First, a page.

Use TaskPaper's date and time format to store dates and to perform date [d] searches.

TaskPaper has a good foundation to support dates, but it's missing convenience. It still needs things like a easy user interface for inputting dates. As it stands now I would recommend dates for those who like to mess around and experiment. Otherwise they might cause you more pain and confusion then benefit as this point.


- Order seeds @due(2016-03-16)
- Go to movies @due(2016-03-18 7pm)

Using date based searches (notice the [d]) you can find both items like this:

@due <=[d] March 18 7pm

Try changing the 7pm to 6pm and you will no longer find the second item. Even better you can also use relative dates in your searches.

For example try:

@due <=[d] today + 24h

If today is March 18th (it is for me right now!) then that search will find the first item. today starts at midnight, so I add the 24h to cover the entire day. Relative dates are great for saved searches.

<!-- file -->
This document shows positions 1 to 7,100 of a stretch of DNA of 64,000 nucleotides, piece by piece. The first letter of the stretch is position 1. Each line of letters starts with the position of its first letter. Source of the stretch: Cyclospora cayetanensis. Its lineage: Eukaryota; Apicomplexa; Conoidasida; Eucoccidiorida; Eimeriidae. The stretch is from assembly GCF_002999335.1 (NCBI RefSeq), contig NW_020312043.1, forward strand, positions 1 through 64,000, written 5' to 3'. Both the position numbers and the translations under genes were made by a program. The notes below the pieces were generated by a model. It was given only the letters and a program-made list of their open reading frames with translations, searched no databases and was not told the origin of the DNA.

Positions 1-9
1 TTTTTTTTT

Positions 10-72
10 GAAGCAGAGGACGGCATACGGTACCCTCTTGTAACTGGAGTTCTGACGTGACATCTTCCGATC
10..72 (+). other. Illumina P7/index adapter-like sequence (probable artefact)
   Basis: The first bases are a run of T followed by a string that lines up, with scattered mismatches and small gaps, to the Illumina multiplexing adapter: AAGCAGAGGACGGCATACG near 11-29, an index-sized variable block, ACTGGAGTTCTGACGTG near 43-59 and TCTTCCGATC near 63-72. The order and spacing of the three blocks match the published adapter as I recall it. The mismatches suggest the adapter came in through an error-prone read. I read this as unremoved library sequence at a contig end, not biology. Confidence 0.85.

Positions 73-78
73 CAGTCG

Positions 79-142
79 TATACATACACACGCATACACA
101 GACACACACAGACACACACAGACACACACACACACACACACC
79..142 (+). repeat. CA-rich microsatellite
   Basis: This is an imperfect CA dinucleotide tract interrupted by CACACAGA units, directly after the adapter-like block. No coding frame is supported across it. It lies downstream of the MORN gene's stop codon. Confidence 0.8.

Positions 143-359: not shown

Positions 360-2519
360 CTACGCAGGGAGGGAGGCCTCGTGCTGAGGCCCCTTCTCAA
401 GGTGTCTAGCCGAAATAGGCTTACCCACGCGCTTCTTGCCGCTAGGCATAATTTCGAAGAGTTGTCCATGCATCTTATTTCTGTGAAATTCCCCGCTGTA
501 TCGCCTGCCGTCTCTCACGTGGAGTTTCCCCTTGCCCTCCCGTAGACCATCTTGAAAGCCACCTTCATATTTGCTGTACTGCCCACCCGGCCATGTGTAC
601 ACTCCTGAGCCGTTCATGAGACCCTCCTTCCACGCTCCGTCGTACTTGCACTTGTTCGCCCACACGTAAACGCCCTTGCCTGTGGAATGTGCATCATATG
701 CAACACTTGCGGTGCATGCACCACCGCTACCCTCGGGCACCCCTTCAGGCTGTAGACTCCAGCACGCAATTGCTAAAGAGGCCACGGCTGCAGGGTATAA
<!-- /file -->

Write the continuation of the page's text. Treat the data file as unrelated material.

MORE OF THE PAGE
Date/Time Formats

These examples show the different formats that you can use when entering dates and times.


Dates resolve to midnight of the given date:

  • 2016
  • 2016-01
  • 2016-01-10
  • today
  • tomorrow
  • next Week
  • next Month
  • next Monday
  • last June
  • June
  • next June
  • next June 3

Note week resolves to ISO standard weeks that start on Monday, not Sunday.


Times are relative to the current date:

  • 6 am
  • 3:15 pm
  • 16:15


Durations offset from the current time:

  • 2 days
  • +1 week
  • -6 hours
  • 2 days 6 hours


You can combine dates, times, and durations:

  • tomorrow 9am
  • Nov 26 3:15 +1day

ISO 8601 Strings

If TaskPaper's date and time parser doesn't recognize a date it uses the momentjs library to parse the date. This gives support for ISO 8601 strings.

results matching ""

    No results matching ""